amounts have come down across some of these islands. that's been heartbreak out here, seeing some of the video. but the storm right now is actually rather disorganized. it has maximum sustained winds at 50 miles per hour, but it's been tough to find the center of circulation, and it looks like it's starting the move towards his pan goal will and, of course, that's a big concern in terms of how strong that storm is going to be because that's going to help weaken that system. we have a lot of strong wind sheer, and that's why erika has remained a weaker storm with the very warm water in place are across the caribbean and even in the atlantic. now, the big question is what happens after hispaniola, because a lot of people are wondering this. we have mountainous terrain there, and there's even a possibility of the storm dissipating before exiting the dominican republic and haiti. we'll keep watching that, but if it does manage to survive that, there's very warm water across the atlantic, near the bahamas, temperatures almost at 90 degrees in some areas, so that could help reintensify the storm, ask then we could be
looking at impacts widespread across florida. if you live in florida, this is the time to prepare. it's august anyway, you should be prepared for hurricane season. we'll keep a close watch on this storm. again, a lot of uncertainty still with this forecast track even though impacts could be felt as early as this weekend. jon? jon: i was there when andrew hit. >> reporter: me too. jon: yeah, you were. thank you. patti ann: let's go on the ground in miami, florida, with phil keating. >> reporter: moments from now governor rick scott of florida will be meeting with miami-dade county's emergency operations managers. then he will make himself available to talk to the media and, of course, spread a message to the people of florida. this all coming after declaring that state of emergency this morning. miami-dade county expected to receive the brunt of this tropical storm if it stays a tropical storm late sunday night into monday morning. tropical storm erika remains exactly that right now. the governor says it poses a severe threat to the entire state. the latest track hats -- has the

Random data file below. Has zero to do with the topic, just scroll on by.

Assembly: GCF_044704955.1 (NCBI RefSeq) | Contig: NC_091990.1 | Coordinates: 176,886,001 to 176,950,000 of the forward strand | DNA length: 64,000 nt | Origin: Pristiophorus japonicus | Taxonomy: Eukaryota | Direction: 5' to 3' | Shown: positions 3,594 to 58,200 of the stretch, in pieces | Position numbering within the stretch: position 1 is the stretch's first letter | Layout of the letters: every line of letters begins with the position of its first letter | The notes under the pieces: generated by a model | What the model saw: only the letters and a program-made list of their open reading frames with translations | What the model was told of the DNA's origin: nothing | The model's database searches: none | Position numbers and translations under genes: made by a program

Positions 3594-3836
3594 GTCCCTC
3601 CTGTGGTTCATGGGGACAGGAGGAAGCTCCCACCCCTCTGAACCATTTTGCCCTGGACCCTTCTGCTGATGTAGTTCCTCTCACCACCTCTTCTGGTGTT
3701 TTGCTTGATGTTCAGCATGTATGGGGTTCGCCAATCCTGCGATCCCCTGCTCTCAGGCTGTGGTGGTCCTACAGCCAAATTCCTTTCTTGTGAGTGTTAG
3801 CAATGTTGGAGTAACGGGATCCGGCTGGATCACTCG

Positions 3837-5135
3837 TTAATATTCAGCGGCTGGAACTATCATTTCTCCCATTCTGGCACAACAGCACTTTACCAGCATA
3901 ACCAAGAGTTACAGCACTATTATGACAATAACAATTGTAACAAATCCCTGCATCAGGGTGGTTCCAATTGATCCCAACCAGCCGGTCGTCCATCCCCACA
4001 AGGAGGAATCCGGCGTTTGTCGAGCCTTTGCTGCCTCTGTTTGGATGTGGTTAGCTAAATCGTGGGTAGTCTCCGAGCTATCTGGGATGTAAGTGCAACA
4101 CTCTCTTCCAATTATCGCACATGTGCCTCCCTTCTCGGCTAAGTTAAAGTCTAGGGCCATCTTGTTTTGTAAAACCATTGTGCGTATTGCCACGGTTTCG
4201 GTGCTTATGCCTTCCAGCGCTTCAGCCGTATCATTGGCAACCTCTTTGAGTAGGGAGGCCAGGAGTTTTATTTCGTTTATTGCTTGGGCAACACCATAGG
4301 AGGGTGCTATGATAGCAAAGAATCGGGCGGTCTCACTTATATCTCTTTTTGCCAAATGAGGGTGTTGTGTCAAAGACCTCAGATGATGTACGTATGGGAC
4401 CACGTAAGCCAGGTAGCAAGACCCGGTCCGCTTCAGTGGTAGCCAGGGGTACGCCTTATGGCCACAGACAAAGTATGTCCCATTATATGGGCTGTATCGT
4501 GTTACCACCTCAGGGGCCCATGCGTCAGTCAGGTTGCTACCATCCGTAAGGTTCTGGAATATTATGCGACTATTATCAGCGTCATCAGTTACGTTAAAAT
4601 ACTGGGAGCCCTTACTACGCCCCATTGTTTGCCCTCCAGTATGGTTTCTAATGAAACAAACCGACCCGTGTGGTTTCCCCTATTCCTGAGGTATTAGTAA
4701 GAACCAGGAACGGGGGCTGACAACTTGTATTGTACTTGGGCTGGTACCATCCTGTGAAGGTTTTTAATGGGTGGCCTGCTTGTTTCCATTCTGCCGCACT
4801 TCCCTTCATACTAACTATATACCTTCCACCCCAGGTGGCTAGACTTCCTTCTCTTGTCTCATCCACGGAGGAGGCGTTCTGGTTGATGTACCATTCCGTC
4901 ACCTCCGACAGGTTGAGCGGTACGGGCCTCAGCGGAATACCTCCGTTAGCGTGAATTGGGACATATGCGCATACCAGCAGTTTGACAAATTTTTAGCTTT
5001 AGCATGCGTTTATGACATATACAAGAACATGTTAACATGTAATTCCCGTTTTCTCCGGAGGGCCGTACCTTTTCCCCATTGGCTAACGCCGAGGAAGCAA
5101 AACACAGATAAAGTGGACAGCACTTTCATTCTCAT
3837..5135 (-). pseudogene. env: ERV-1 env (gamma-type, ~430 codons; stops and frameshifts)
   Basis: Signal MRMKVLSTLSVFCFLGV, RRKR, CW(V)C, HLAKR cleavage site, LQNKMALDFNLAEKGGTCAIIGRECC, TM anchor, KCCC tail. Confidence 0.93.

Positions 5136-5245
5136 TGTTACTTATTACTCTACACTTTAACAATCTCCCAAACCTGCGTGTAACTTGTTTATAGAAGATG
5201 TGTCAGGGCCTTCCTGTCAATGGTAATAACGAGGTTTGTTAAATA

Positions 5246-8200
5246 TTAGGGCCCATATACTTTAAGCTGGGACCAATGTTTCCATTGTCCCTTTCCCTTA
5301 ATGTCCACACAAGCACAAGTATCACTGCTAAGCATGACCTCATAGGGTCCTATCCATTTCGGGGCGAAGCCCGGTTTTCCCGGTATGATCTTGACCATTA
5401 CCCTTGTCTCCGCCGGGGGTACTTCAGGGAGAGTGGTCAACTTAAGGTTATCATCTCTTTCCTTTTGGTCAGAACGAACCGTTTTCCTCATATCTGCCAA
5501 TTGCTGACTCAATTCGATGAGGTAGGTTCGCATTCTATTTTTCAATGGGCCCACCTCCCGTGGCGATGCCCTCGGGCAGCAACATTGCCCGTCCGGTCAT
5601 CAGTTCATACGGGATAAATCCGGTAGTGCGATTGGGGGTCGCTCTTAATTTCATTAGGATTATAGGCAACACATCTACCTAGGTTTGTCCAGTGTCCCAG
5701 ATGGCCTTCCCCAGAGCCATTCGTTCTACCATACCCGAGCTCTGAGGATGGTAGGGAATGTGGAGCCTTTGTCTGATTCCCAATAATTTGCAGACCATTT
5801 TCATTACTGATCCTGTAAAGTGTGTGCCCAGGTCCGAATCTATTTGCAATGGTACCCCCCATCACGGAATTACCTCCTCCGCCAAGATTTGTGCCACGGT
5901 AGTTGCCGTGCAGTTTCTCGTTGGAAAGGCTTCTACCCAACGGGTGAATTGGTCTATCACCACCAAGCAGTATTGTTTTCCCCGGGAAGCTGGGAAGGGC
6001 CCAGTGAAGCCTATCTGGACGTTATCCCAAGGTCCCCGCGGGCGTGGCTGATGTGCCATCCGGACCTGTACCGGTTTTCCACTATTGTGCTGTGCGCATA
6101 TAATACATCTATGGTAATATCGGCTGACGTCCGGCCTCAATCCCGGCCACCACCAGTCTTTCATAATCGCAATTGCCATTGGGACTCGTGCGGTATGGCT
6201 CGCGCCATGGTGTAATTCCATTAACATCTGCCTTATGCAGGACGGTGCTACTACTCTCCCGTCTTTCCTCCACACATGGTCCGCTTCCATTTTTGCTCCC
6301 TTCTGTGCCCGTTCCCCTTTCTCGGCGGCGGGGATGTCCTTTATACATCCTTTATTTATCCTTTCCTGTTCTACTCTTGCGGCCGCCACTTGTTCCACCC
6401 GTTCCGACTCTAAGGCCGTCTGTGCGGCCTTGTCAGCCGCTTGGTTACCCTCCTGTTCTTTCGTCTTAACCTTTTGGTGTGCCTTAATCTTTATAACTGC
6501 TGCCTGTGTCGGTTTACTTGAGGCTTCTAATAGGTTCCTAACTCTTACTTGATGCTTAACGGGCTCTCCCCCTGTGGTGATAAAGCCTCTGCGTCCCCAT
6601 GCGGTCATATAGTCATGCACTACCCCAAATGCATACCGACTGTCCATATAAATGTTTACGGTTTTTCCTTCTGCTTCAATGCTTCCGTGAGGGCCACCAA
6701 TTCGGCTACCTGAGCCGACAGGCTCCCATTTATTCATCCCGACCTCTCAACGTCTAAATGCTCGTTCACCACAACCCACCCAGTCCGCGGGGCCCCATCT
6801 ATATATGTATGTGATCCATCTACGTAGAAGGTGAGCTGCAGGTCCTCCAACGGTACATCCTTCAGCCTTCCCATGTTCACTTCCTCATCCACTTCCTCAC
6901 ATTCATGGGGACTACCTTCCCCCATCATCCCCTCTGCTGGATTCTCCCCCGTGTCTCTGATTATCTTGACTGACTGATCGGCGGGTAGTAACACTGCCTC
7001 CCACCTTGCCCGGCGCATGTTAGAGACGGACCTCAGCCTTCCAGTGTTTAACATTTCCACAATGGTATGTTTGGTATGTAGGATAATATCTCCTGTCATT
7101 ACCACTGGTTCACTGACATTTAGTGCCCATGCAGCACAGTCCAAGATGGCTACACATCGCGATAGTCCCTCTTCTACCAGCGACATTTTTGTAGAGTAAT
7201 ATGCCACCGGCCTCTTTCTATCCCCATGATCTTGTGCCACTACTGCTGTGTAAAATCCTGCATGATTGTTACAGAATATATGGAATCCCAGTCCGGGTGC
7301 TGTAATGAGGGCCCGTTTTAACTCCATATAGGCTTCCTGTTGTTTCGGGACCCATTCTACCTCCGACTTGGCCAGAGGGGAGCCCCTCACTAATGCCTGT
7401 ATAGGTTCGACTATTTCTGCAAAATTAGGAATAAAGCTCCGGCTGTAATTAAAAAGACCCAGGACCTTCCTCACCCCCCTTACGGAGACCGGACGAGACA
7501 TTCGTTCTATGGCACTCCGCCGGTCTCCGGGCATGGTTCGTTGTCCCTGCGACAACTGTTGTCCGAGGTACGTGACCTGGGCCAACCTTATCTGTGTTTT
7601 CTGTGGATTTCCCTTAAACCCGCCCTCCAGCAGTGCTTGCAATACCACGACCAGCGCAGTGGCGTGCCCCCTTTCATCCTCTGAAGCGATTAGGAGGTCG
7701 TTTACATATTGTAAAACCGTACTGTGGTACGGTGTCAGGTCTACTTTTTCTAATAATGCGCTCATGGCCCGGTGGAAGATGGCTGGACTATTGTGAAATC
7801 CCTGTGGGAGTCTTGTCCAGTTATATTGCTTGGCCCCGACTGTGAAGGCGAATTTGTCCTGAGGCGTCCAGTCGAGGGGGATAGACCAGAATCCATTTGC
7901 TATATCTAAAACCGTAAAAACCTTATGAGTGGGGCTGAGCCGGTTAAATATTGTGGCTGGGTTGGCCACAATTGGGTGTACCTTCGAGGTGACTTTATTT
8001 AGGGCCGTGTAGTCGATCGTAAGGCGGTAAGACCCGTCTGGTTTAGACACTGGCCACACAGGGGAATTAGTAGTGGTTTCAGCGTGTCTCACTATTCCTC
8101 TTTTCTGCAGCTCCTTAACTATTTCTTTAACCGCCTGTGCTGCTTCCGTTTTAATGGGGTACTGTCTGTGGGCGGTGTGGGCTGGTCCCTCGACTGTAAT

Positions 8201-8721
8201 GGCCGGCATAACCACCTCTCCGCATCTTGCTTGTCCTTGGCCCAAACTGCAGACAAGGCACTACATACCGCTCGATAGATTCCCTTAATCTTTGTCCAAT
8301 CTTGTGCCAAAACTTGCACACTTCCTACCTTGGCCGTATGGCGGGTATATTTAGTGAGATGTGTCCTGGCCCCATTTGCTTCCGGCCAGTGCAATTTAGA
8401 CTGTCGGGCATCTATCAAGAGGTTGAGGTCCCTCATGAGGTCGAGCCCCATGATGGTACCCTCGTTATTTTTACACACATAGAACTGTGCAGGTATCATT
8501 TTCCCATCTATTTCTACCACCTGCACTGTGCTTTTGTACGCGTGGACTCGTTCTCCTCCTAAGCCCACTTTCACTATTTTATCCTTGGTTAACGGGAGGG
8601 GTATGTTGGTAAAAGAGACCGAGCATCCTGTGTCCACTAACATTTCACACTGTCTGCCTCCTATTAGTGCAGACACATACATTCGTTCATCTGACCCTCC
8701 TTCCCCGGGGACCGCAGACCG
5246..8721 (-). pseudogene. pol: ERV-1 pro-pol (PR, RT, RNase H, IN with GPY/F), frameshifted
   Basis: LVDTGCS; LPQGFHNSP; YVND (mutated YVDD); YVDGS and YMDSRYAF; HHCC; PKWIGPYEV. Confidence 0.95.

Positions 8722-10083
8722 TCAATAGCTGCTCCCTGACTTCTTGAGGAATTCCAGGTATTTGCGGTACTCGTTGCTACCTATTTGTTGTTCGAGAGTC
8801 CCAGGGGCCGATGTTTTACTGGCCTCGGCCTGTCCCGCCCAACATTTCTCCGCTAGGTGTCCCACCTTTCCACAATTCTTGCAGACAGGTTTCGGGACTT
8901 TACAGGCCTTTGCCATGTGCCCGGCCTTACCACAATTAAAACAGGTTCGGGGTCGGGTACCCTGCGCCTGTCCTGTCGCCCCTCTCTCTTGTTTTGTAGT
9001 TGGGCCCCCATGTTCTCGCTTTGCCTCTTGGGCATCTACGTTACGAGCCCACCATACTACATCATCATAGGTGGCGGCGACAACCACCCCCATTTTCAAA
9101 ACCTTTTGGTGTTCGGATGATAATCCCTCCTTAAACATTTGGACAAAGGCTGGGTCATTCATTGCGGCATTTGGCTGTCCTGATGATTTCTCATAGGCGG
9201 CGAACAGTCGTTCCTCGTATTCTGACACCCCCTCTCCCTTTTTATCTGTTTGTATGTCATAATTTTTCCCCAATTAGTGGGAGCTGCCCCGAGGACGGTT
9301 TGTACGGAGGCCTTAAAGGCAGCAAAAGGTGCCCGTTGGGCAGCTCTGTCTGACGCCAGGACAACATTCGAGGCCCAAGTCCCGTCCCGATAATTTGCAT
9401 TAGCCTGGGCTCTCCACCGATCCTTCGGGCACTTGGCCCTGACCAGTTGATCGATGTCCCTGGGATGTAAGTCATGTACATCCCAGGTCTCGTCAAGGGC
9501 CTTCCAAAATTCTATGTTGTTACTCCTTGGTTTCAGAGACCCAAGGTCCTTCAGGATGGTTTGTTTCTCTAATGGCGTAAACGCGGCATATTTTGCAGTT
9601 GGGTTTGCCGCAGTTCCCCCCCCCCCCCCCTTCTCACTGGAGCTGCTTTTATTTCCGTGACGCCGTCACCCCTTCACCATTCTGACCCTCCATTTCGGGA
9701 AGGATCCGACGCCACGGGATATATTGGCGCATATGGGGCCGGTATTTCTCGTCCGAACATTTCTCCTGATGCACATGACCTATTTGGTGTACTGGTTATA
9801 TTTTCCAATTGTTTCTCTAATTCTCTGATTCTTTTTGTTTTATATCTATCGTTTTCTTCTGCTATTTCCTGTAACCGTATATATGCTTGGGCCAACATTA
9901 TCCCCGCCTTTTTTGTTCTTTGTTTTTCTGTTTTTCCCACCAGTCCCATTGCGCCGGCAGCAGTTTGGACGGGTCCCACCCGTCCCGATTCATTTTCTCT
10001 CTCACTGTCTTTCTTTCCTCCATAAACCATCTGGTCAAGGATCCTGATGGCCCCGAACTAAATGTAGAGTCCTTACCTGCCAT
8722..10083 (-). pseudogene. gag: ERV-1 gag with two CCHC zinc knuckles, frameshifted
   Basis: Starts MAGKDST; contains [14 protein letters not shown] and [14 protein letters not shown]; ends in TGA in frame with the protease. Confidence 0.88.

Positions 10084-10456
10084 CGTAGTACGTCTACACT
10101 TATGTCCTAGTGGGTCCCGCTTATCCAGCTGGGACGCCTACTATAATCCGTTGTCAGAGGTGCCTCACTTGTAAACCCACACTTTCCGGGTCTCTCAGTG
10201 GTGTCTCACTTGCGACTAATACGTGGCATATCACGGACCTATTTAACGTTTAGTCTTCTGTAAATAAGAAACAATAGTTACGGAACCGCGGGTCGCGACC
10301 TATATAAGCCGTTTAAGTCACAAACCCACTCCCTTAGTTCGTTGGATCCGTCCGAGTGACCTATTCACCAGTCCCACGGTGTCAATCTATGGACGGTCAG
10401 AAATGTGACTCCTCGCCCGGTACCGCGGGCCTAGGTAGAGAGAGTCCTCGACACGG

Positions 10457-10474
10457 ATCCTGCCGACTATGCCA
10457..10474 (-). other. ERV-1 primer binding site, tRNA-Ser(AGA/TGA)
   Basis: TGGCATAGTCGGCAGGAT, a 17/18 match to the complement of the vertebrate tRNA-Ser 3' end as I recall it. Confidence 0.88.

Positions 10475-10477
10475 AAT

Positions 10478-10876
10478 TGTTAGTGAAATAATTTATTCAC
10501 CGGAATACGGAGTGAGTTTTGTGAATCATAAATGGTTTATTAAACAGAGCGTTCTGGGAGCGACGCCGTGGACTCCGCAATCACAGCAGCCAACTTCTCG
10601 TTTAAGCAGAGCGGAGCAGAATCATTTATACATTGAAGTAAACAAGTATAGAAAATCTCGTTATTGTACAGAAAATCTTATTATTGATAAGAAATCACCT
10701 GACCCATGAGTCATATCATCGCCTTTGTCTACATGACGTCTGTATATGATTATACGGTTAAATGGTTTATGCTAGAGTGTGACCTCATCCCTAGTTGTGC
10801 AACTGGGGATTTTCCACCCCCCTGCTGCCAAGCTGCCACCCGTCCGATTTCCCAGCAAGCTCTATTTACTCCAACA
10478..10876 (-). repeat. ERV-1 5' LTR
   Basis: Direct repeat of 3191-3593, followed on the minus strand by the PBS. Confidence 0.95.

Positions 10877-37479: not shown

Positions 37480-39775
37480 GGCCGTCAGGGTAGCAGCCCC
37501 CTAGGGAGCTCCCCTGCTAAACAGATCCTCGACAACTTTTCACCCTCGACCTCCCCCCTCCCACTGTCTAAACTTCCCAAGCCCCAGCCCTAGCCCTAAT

center of the storm going straight up the spine of florida, though it has veered slightly to the west as a tropical storm and hitting fort myers, naples, marco island, then going up north into georgia. where erika's already been, there's been major destruction. buildings collapsing into the street and down hillsides in the island of dom knee ca. the tropical storm costing several lives, reports are at least a dozen people and calamitous flooding throughout the leeward islands. another major point of concern though here this florida, the dirty side of this storm looks to go up the east coast of florida. that means the most wind, the most rain through miami, ft. lauderdale, west palm beach, and there's been a lot of speculation whether floridians going ten years without a hurricane aren't preparing as they could. jon: a wild week on wall street
jon: a fox business alert now. stocks opening lower today after a huge two-day rally. the dow jones right now at about 16,620, this after a wild week that saw both the dow's worst day in four years and its biggest two-year gain since the financial crisis. investors also encouraged by a revision showing u.s. economic growth this the second quarter was much -- in the second quarter was much stronger than earlier estimated. patti ann: right now jurors are deliberating for a second day in a high profile rape trial in new hampshire. 19-year-old owen labrie is accused of raping a freshman as part of a prep school tradition known as the senior salute. a verdict could come down at any time, and molly line is live in